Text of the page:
Original Screen-Used Empire Strikes Back
 Stormtrooper Helmet

After having a chance to visit Christies I've decided to devote a complete page to this superb helmet find. Many thanks to Helen and Sarah at Christies for allowing me such great access.

New - September 08 - Click here to see our Video Review of this original helmet on YouTube

Made by Andrew Ainsworth at Shepperton Design Studios for Star Wars- A New Hope in the spring of 1976. This was one of the HDPE/Polythene "Fishpond" helmets which were produced before the move to ABS a month or so later.

The helmet was most probably used in ANH but was certainly used for The Empire Strikes Back filmed in 1978/79 (again at Elstree Studios) and can clearly be seen in the following shot - congrats to Gizmo in Australia for finding him!


Though not the ideal material to use, Ainsworth said that the khaki-green HDPE Polythene was used as it was "lying around the factory" at the time and was a lot easier to pull than the ABS later used for the Hero helmets - most especially the undercuts most apparent on the rear of the helmet. However it proved to be difficult for other reasons, namely;

1) The HDPE was a Khaki colour so unlike the ABS Hero's, it had to be painted. However, getting the paint to stay on was very difficult and they had to "sand the surface to get the paint to key, even then it would chip and flake easily". Andrew Ainsworth remembers their "Joy when they were able to start on the ABS Stormtroopers", no painting!

2) Getting a decent pull from the vac-former was difficult in other ways to the ABS. Polythene typically expands and contracts as its being pulled off the mould and this is apparent when you look at the 'pinched areas' such as the tears and also the 'crinkly' interior of the helmets (which compares against the insides of the ABS helmets were all smooth).


As you can see the overall finish, despite its age is extremely good. the first thing that strikes you when picking up these original helmets is their weight. People look at them and they have a "weighty" look about them when in fact they are extremely light, about the same as the modern replica helmets.

Both of the original "mic tip's" are in place and although there has been some paint peeling, is considerably less than John Mollo's helmet sold the previous year (which also had the mic tips missing). In the photo below you'll notice an interesting thing. The marks on the right hand side of the helmet (as you're wearing) are NOT from chipped paint showing the khaki HDPE below but actually what look like glue or some kind of residue. Interesting that no one bothered to remove them when they were filming as they can clearly be seen! Note as well the white mark on the right eye is actually a build up of paint, not flashing.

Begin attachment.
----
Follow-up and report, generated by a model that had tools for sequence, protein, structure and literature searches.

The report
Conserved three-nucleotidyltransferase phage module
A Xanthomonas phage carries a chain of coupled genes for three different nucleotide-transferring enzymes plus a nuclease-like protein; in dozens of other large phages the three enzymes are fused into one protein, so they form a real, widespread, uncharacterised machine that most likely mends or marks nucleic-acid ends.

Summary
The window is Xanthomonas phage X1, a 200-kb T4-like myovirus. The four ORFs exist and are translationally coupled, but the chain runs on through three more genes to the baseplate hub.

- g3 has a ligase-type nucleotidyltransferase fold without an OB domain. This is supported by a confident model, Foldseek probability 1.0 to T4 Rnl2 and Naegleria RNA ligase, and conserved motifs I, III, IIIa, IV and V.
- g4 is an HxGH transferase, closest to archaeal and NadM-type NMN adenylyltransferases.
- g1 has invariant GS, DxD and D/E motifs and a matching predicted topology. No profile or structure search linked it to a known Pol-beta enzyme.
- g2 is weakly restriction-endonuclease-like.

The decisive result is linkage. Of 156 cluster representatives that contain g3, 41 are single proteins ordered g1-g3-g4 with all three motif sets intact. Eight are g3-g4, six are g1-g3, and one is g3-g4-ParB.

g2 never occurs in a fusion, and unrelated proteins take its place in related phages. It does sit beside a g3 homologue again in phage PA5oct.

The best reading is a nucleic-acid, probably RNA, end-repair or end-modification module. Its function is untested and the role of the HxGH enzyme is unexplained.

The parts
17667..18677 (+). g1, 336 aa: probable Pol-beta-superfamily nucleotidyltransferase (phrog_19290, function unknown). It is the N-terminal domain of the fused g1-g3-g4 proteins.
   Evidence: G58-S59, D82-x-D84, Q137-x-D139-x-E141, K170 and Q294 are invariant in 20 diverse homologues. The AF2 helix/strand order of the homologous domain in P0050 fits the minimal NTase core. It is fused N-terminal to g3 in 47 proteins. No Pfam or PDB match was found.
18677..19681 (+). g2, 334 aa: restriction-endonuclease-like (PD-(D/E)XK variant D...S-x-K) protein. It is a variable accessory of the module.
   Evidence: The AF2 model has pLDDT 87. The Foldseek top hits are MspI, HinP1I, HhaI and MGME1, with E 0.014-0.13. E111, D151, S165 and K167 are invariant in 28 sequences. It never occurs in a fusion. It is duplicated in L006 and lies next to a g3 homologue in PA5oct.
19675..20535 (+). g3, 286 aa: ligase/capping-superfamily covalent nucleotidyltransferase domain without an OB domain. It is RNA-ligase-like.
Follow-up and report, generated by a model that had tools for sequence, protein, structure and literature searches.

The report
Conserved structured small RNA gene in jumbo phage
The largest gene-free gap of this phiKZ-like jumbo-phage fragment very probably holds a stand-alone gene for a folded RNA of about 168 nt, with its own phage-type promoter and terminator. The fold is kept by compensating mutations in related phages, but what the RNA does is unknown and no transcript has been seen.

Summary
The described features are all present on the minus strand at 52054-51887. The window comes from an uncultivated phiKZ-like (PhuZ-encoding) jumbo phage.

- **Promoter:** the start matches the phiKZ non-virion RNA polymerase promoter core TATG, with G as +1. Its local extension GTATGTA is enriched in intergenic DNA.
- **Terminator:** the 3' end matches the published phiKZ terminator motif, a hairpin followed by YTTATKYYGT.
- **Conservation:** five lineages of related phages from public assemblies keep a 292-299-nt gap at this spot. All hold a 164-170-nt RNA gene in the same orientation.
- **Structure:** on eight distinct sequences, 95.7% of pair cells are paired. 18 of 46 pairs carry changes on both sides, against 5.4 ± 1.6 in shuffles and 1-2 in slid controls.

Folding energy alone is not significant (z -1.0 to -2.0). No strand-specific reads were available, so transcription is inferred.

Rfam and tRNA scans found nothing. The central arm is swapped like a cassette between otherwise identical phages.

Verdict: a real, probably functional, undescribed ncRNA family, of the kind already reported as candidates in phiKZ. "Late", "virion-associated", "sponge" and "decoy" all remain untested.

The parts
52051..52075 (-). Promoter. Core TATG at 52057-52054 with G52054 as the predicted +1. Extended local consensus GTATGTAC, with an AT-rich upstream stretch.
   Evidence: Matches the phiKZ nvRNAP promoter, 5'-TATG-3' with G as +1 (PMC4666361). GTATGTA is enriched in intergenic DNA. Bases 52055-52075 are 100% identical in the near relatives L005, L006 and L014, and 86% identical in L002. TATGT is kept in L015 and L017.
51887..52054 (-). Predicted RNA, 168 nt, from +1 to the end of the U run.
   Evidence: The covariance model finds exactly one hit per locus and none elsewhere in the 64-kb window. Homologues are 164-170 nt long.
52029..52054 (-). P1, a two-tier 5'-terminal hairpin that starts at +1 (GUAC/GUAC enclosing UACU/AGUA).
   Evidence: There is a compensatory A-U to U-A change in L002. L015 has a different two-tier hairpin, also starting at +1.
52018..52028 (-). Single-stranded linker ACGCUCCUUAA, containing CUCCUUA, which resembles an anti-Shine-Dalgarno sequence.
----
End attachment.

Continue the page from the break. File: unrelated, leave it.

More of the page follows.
If you look closely at the "Hovi Mix pa" Mic tips you can see an inner white section which has a convex end. The outer section is black although the paints come off the front areas showing the white underneath. From a distance this gave it a reflective quality almost like they were made of metal. In the shot below you can also see that the right tip (left as you're wearing it) looks unpainted from half way down.

the overall finish is quite glossy although from this angle you can see the many surface bumps, the result of the finish of the HDPE as its pulled from the moulds, some dust and debris which found its way into the vac former when pulling, some surface inconsistencies in the moulds (some caused by repeated usage of the moulds) and finally the problems with painting. 

You can also see (above) the cut/split between the cap/back section above the left ear (as you're wearing it)

in the past there has been some discussion over the decals and specifically their colour, but this photo should clear up a few points. As you see from this pic above, the ESB decal grey is actually VERY similar to the ANH colour as this colour-matched ANH sheet shows (from a 2004 AA Helmet). Again the tube stripes below are very similar in colour, although slightly darker (but then that may be the effects of time). In addition note that the ESB decals had white and blue bands on the tube stripes (below) and not just blue bands on a blank background.

Below, for the ESB helmets the green acetate visor was held in place with a black stick-rubber type material and not draft excluder. Even now in 2004 it was still sticky and pliable. In addition notice how rough the internal surface is very pitted (especially the cap/back section) - as mentioned at the top of the page this is partly a by product of using Polythene, as well as the state of the moulds and the vac former itself. The internal surface looks to have been painted with some sort of grey primer.

Below a shot of one of Andrew Ainsworth's 2004 helmets in comparison with one of the originals from 1976's. Its an interesting comparison Replica Vs Original. 

From above you can see how the 1976 Polythene Helmet on the right is very warped. Again as mentioned at the top of the page this is indicative of the problems Ainsworth/SDS had in 1976, when working with the Polythene material.

Below a side angle shot with the screen-used ESB helmet in the foreground

...and a view from the rear with the original helmet showing the fabric badge which must have been stuck on by one of its previous owners. The modern SDS suffering with a much reduced undercut and less "bell" shape around its base. In addition there appears to be a difference with the placement of the trapezoid, especially the one on the left.

Weight-wise the difference between replica and original is only 40 grams. Given that's the weight of about half a slice of bread that's probably the additional weight of the paint!

Finally a couple of nice Studio Shots of this great original Stunt helmet, now with ESB Makeover!

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